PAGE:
According the L.A. Times, the bastions of freedom and defacto U.S. protectorates known as the United Arab Emirates and Saudi Arabia have decided to block BlackBerry services that rudely encrypt communications which prevents government eavesdropping.
Clearly, in the wake of post 9/11 anything-goes anti-terrorism laws, most of the U.S. population seems to be ready to trade their privacy for a promise of security. Even technical publications like ZDnet are amazingly compliant when faced with this fear mongering. There seems to be a mad rush to piss away civil liberties as if we weren’t really using them anyway. Privacy is view as only needed by people who have something to hide.
In any case, I’m pretty certain that the U.S. intelligence agencies aren’t simply going to roll over and be excluded from monitoring what you say. Whether we ever get to know it or not, they will be able to monitor your communications whether it be by BlackBerry or anything else. In the past, American companies have shown an unquestioning willingness to cooperate with the Federal government in violating Constitutional protection, but there’s no way of knowing whether that carries over to companies operating in allied countries. Give the importance of the U.S. Markets, I suspect it would be a rare company indeed that didn’t cave to U.S. demands.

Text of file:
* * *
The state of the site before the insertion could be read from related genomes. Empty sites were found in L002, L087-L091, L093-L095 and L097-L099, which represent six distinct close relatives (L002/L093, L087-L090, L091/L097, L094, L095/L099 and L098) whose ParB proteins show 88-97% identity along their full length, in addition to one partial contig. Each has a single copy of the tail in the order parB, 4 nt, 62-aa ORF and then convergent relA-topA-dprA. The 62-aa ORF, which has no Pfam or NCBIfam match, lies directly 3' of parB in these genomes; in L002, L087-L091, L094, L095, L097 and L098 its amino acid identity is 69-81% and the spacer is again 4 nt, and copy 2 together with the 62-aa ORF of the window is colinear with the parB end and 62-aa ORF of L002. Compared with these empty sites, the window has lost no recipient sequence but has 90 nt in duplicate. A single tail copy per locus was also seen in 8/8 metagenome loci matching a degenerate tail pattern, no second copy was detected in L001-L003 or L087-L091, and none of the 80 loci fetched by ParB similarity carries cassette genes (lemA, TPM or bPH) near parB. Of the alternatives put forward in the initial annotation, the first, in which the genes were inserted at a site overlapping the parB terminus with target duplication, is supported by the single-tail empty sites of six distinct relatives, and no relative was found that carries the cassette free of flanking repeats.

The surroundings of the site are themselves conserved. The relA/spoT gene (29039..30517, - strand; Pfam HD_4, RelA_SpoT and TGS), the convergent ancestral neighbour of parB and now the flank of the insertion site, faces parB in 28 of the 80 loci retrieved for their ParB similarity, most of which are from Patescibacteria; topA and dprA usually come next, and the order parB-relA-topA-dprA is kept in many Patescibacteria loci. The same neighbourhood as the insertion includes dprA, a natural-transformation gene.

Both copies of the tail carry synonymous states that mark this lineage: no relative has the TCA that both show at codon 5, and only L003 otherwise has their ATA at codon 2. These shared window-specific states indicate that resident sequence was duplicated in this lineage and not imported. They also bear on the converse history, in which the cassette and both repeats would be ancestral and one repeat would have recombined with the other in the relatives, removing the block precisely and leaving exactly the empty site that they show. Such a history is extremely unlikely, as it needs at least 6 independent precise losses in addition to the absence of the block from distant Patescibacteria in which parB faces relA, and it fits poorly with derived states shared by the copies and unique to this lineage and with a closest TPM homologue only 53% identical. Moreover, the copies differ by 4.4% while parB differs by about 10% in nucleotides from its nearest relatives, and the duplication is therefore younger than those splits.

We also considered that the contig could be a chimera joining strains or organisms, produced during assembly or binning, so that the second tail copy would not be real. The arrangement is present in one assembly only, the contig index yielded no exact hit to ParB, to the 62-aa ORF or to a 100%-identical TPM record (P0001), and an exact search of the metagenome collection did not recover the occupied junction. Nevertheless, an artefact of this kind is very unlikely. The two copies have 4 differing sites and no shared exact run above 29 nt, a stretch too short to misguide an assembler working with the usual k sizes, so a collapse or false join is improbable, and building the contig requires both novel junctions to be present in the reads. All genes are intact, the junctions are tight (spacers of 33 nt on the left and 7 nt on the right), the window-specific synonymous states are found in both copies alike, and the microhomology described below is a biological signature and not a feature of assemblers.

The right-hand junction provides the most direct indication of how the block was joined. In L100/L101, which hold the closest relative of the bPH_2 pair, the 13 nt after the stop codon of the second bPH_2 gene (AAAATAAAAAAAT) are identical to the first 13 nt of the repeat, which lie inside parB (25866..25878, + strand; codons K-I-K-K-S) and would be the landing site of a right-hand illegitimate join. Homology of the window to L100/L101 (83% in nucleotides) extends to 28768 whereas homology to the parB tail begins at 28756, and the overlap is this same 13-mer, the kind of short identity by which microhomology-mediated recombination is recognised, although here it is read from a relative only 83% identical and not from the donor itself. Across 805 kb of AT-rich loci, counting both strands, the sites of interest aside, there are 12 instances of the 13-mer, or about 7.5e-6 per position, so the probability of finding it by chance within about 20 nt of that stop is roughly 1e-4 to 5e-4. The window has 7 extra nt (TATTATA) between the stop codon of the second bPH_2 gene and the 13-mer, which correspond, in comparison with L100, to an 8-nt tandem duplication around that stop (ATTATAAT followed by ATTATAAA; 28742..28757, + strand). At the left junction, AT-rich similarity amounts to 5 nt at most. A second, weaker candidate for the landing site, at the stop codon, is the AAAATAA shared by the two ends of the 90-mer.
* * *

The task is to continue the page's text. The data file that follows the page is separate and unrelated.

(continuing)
It will be interesting to see if and how quicklly BlackBerry creator, Research in Motion, strikes a deal to enable the governments of the UAE, Saudi Arabia, and any number of other countries to look over the shoulder of everyone using one of their devices.
At least they aren’t justifying it with the claim of protecting children from porn.